The Times West Virginian

Bob Herzel

March 30, 2014

HERTZEL COLUMN: Bradley asks D-linemen to be ‘muckers and grinders’

MORGANTOWN — Throw away all those conceptions that have festered in your mind from defenses past, the power play John Thornton used to bring to defensive tackle at West Virginia University, the amazing pass rush that Gary Stills or Canute Curtis brought from the end.

These were players who would dominate games, bringing fame and fortune to themselves.

They are also antiques in today’s game.

In the defense that West Virginia is running today, its own brand of a 3-3-5, the defensive line as being coached by Tom Bradley is meant to be almost invisible. Their job is not to dominate the game, simply the offensive linemen.

It isn’t that he doesn’t want them to make plays. He plans on making them capable of doing just that. It’s just that isn’t their main responsibility.

“I want them to be agile. I want them to be players, but in this defense, we want them to be unselfish. I tease them, tell them you guys got to be the muckers and grinders,” Bradley said.

See, the game has changed. Quarterbacks now get the ball, throw the ball.

It’s done often in the blink of an eye. They want to get the ball in space to a playmaker, and the linemen’s job is to get out there and stop the linebackers from making plays in space.

This means the defensive linemen’s job is not to stop the running backs and the quarterbacks but, instead, to stop the offensive linemen, and you get very little credit for that.

“Absolutely,” said Kyle Rose, a junior from Centerville, Ohio, who can and will play anywhere along the defensive line. “It’s all in the overall defensive scheme. It’s all for the defense, not for individual success. It’s team over everything.

“In this defense you may not make as many plays as you would in the three technique we were in last year. You are going to be holding your blocker back and letting linebackers scrape in and out. That’s all in having a good defense. You need three unselfish guys.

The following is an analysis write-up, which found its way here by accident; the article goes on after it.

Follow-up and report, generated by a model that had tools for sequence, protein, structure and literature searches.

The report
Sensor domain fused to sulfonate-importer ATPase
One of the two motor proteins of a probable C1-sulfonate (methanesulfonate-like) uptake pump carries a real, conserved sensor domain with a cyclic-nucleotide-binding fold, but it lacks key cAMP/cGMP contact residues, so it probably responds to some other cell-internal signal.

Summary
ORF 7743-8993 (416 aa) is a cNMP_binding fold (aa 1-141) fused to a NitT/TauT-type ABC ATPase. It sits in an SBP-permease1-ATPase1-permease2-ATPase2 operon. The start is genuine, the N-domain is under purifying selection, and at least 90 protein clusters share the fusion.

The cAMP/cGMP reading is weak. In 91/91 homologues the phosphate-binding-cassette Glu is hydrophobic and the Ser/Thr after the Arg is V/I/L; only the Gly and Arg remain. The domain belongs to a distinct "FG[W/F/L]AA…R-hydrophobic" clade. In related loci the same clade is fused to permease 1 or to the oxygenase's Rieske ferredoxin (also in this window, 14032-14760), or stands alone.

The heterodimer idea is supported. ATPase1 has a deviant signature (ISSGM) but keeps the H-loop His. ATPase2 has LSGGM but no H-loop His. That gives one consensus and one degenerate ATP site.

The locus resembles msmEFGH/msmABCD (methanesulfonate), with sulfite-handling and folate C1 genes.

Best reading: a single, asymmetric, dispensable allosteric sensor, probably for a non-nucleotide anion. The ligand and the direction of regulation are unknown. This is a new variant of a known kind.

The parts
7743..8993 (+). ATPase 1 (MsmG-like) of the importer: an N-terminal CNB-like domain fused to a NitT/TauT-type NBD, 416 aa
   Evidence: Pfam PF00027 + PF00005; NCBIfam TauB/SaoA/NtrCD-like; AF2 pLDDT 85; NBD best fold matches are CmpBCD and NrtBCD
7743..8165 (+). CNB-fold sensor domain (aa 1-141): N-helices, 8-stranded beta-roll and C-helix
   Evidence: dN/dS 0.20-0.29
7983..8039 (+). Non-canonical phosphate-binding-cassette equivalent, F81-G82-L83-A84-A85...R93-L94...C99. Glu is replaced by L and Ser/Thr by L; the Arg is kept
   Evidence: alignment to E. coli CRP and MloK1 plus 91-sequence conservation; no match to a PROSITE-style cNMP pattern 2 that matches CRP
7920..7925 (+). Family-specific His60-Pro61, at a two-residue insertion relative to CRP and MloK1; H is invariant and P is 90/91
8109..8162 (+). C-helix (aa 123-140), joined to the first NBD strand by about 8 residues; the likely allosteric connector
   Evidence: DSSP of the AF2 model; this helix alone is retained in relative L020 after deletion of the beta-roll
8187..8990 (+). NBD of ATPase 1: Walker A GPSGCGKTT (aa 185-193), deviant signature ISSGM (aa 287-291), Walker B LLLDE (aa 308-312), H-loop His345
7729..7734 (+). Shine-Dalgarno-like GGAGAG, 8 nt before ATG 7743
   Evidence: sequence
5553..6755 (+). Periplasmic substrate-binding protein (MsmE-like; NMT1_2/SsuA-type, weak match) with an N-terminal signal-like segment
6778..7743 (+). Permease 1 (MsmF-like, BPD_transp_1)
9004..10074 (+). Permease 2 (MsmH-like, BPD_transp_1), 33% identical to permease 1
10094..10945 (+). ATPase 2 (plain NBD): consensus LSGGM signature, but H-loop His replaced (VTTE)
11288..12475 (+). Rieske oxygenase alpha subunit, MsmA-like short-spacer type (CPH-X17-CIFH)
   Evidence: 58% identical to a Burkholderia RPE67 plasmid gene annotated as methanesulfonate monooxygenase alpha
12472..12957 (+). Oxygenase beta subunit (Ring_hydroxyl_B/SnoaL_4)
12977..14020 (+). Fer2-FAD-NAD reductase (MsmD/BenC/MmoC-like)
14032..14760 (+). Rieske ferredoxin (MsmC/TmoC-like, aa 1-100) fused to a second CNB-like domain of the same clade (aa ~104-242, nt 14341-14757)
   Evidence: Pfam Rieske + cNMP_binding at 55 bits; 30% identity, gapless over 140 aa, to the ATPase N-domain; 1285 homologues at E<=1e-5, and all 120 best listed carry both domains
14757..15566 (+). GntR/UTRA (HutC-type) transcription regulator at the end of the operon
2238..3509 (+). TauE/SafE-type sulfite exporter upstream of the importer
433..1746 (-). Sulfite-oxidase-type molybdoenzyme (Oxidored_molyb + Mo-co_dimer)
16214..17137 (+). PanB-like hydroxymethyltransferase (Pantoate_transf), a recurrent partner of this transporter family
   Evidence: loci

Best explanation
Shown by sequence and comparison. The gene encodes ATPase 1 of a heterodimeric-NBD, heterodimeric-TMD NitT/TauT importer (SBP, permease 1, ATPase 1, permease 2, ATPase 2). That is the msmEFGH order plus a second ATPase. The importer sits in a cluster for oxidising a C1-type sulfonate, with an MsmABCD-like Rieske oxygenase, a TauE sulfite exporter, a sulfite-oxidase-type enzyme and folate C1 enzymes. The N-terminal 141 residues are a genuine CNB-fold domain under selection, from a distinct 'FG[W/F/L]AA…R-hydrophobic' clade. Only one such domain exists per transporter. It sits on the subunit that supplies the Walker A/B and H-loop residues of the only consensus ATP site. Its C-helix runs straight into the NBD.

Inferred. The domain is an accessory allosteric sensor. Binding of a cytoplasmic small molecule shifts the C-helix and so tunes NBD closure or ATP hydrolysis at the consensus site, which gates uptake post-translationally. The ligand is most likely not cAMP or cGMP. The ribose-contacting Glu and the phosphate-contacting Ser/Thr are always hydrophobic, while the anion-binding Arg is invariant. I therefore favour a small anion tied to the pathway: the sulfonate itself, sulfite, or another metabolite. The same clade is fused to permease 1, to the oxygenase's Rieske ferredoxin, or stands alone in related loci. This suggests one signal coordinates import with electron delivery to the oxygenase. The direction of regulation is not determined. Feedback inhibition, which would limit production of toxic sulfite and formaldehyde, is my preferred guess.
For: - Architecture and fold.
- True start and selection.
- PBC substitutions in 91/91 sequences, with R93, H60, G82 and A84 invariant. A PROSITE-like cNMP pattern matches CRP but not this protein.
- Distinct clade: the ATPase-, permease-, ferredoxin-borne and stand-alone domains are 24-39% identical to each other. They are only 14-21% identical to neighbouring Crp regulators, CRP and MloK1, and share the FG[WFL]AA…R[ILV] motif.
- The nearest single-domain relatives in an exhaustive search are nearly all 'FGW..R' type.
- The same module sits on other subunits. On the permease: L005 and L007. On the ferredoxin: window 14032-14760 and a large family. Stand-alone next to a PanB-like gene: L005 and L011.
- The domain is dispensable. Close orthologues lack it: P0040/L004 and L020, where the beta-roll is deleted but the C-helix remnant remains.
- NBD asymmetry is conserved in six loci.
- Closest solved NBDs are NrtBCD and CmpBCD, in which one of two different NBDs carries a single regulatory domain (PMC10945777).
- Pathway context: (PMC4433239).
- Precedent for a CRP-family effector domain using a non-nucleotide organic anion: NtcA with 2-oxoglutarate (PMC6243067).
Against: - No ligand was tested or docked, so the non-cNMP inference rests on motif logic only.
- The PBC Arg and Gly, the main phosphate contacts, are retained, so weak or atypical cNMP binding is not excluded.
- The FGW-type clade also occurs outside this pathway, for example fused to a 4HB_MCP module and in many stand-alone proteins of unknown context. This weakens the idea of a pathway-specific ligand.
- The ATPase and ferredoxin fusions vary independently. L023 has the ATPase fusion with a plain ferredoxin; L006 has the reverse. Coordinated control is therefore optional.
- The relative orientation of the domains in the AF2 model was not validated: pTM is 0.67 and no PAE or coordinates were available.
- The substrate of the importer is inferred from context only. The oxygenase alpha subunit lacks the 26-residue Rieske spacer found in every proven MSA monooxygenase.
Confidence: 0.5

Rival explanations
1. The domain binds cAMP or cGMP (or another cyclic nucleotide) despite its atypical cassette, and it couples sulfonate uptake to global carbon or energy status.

“I don’t think you have any problem with that here. Our guys know their role and are definitely going to do a good job filling that role.”

“Playing the nose, you can’t be selfish,” added Christian Brown, a 304-pound sophomore nose tackle out of Fort Myers, Fla. “If you are, you let the whole team down. Being selfish is trying to do your own thing, not worrying about anyone else just worrying about yourself.”

Brown admitted that it would be possible to have a good season without having a sack, because sacks are going to come mostly through a variety of blitzes from linebackers and safeties and corners.

“I just have to control the line of scrimmage,” Brown said.

All of this, of course, is music to Bradley’s ears.

“I like they are buying into what we’re doing. We’re hustling to the ball. If you hustle, good things will happen. They’re going to blow assignments. They’ll go the wrong way. We’re not going to play the perfect game. But if you do it at

100 percent, good things happen. Every day you come out to practice, you can have effort,” he said.

Certainly, changes had to be made on defense for WVU’s defense has been unacceptably bad over the past couple of seasons. They are changing coordinators, coaches, players and philosophies, actually going back to the defensive philosophy that worked when head coach Dana Holgorsen came on the scene and inherited this 3-3-5.

“We’re going back to the 3-3-5 we ran my freshman year with Kirlav (veteran WVU defensive line coach Bill Kirelavich) and (former defensive coordinator Jeff) Casteel and all those guys. Coach Bradley knows this defense. He’s coached many a defense,” Rose said.

The difference on the defensive line is to hold your own.

“We aren’t more up the field than we were last year. We’re more keying on blocks. You just got to read your keys, watch the ball and take the coaching.”

And this year there seems to be, as there is at all the other defensive positions, more depth than there was a year ago.

“We have a bunch of guys who are going to be strong for us,” Rose said. “Christian Brown and Darrien Howard at the nose, Eric Kinsey, myself, Dontrill Hyman Jon Lewis are all strong. Our first team and second team are interchangeable. With the defensive line you need a lot of depth. You can’t ask for too much, but right now we are pretty solid.

“I feel we could throw in anybody and not have a drop-off in performance. With me, I’m bigger. I feel stronger. I don’t know about faster, but I feel quick off the ball.”

Rose admits, though, that for the 3-3-5 to work the key is to have a dominant nose.

“Nose is key,” he said. “That’s why we’re lucky to have Christian. He’s a big, strong, strapping young man. He’s pretty strong in the weight room. He’s pretty quick. He fills that role pretty well.

“In this defense, the nose guy has to be a beast, kind of like Chris Neild, and I think we have a guy like that in Christian Brown. Neild made that defense go. That’s why he’s playing in the pros.”

Follow Bob Hertzel on Twitter @bhertzel.

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Bob Herzel
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